Being just 26 years old and in a management role at an assisted living community I am often asked: “How is someone so young qualified enough to be working with older adults?” I have never been bothered by these kinds of questions. How I got here is an interesting story that explains a lot about who I am and why I do what I do.
I love working with older people. I enjoy doing everything I can to improve their quality of life.
The Nana Room
It all started in 1999 when I was 9 years old. My Nana Claire moved in with us after the passing of my grandfather. She had experienced a crippling stroke the year before, leaving her paralyzed on the right side of her body and unable to live independently. When she moved in with us I am sure it gave both Mom and Nana Claire peace of mind knowing that we would all be there to help.
For the next 6 years, until she passed away, I assisted my mother in caring for Nana Claire. I watched her for safety while my mother went out to run errands. I cooked meals for her, but most important of all I simply just spent time with her.
Two years after my Nana Claire had passed away my Nana Betty was diagnosed with cancer that was too far along to cure. She was declining quickly. We decided it best that she move into our house where we would give her a quality of life for the time that she had left.
Both of my grandmothers lived in the same room in my house at separate times, and to this day we still refer to this room as the “Nana Room.” My parents, aunts, and uncles always treated my Nanas with the utmost love, support, and respect. This did not go unnoticed by me. This is when I first began to realize that I truly had a passion for being around older adults.
My Alzheimer’s Disease Education
During my Nana Betty’s stay, my great Uncle Louie, brother to my Nana Betty, was diagnosed with Alzheimer’s disease. At the time all I knew about Alzheimer’s was that it involved memory loss. I thought nothing of it, not knowing there was much more to it. I was at the end of my freshman year of college when my father told me that Uncle Louie’s Alzheimer’s had progressed. His safety had become a concern. My family was now looking for a community that specialized in memory care. I didn’t know that the disease could get as bad as his was. I was curious to learn more about what a memory care community did.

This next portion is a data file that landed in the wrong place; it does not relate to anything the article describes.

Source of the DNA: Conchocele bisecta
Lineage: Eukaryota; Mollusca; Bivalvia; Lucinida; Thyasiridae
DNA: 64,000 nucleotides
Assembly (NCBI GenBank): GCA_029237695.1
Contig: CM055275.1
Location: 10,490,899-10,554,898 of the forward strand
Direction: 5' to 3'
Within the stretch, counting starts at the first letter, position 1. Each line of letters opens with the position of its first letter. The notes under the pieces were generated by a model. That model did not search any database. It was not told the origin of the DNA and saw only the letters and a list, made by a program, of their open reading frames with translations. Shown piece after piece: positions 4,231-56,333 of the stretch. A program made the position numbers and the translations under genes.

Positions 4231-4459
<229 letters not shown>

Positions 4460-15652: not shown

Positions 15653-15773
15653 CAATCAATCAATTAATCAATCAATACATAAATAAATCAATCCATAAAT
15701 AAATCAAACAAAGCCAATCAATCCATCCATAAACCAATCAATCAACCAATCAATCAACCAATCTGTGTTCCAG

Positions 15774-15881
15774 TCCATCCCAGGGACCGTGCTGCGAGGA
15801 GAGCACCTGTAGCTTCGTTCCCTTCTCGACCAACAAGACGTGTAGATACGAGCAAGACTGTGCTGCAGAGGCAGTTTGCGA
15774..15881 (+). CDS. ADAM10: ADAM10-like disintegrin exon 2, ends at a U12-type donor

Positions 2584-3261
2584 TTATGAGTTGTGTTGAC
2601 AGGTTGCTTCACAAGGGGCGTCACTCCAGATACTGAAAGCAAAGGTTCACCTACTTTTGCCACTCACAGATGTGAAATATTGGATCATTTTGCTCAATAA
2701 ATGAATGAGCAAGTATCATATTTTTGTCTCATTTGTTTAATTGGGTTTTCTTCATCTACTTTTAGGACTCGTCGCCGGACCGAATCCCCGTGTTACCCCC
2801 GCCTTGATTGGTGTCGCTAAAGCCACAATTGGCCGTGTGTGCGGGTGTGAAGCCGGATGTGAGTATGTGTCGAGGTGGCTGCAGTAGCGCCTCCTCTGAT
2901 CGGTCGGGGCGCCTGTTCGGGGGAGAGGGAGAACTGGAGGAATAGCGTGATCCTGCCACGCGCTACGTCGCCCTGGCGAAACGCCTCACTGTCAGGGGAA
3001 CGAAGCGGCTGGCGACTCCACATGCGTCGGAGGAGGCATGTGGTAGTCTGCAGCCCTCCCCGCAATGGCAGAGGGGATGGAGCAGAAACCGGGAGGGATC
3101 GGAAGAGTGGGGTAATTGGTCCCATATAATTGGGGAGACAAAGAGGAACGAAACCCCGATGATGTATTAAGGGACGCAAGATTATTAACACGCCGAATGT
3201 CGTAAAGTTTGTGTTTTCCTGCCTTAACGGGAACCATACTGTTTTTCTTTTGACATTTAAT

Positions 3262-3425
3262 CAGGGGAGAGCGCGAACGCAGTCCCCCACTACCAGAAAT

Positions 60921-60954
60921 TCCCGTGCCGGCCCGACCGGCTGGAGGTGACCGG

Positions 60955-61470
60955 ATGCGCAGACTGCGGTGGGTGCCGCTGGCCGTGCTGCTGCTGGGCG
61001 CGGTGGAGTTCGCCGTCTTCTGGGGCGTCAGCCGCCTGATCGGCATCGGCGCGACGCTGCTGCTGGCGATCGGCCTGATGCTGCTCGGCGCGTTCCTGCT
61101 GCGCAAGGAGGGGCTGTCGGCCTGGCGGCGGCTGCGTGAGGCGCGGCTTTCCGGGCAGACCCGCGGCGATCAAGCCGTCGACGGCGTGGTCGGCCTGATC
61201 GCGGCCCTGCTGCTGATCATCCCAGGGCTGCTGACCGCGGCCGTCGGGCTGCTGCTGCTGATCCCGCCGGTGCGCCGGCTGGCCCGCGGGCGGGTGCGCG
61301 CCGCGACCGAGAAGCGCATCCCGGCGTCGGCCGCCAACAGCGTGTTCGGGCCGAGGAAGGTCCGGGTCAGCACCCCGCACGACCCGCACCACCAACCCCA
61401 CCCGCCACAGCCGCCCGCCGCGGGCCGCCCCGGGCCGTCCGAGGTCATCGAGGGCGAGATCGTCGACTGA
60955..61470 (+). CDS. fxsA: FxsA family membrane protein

For most of that summer, I researched Alzheimer’s disease and its effects on the brain and body. By the time I entered my sophomore year of college I changed my major from Business to Psychology.
That fall my family informed me that they had found somewhere to move Uncle Louie. They had found a secure community that would provide him with the safety and assistance that he needed to stay as independent as possible. We moved Uncle Louie to Compass on the Bay in South Boston, a Senior Living Residences community. Senior Living Residences is an innovative assisted living company that created the Compass Memory Support concept which is affiliated with Boston University Alzheimer’s Disease Center. They specialize in therapeutic and research based programs for those with memory loss and related dementia. Uncle Lou lived at Compass on the Bay for a couple of years before needing further nursing care. My family was so impressed at the community’s focus on providing quality of life for residents in these later stages memory loss, Alzheimer’s and related dementia.
Finding My Passion
After graduating from my undergrad, and 9 months into working towards my graduate degree, my career path became crystal clear. I shifted my focus toward helping those with Alzheimer’s. Naturally, the first place I looked for a job was Senior Living Residences. I began working at their Dorchester community, Standish Village, in May of 2014.
In my role as Compass Memory Support Program Director I have become even more knowledgeable on Alzheimer’s disease and related dementias. This knowledge has helped me to grow not only as a professional, but as a person as well. In May 2016, my world moved full circle when I transferred from Standish Village to Compass on the Bay. I now oversee their Compass Memory Support Neighborhood (that cared for Uncle Louie) and their new specialized program for those with early stages of Alzheimer’s disease.
Working for Senior Living Residences has only ignited my passion further. It is genuinely a company that puts the residents before everything else. I work side by side with a team of professionals that feel the same way I do. I get to work with experts from BU’s Alzheimer’s Disease to further my understanding and knowledge of dementia-causing diseases.
The Influence of My Caregiving Family
Looking back, I know I have my family to thank for influencing and encouraging my journey. They have shown me how our elders should be respected, which motivates me everyday. It is fulfilling and inspiring work. I get to see the residents’ joy when engaging in a program. I know that this joy and engagement helps them to age gracefully and feel happiness each day. Being able to spend my days with these older adults is rewarding and fulfilling. This is truly why I do what I do.
Contributed by Shari Sweeney, Compass Program Director, Compass on the Bay
Shari is a Certified Dementia Practitioner, an Alzheimer’s Association Certified Support Group Leader and a facilitator of The Dementia Experience. She holds a Bachelors in Psychology and Masters in Gerontology. As Compass Memory Support Program Director, Shari creates and implements engaging and therapeutic programs that improve residents’ quality of life. She also takes an active role in SLR’s Dementia Friendly Massachusetts Initiative, a public education program aimed training eldercare professionals throughout the greater Boston area and building awareness of dementia and its stigma.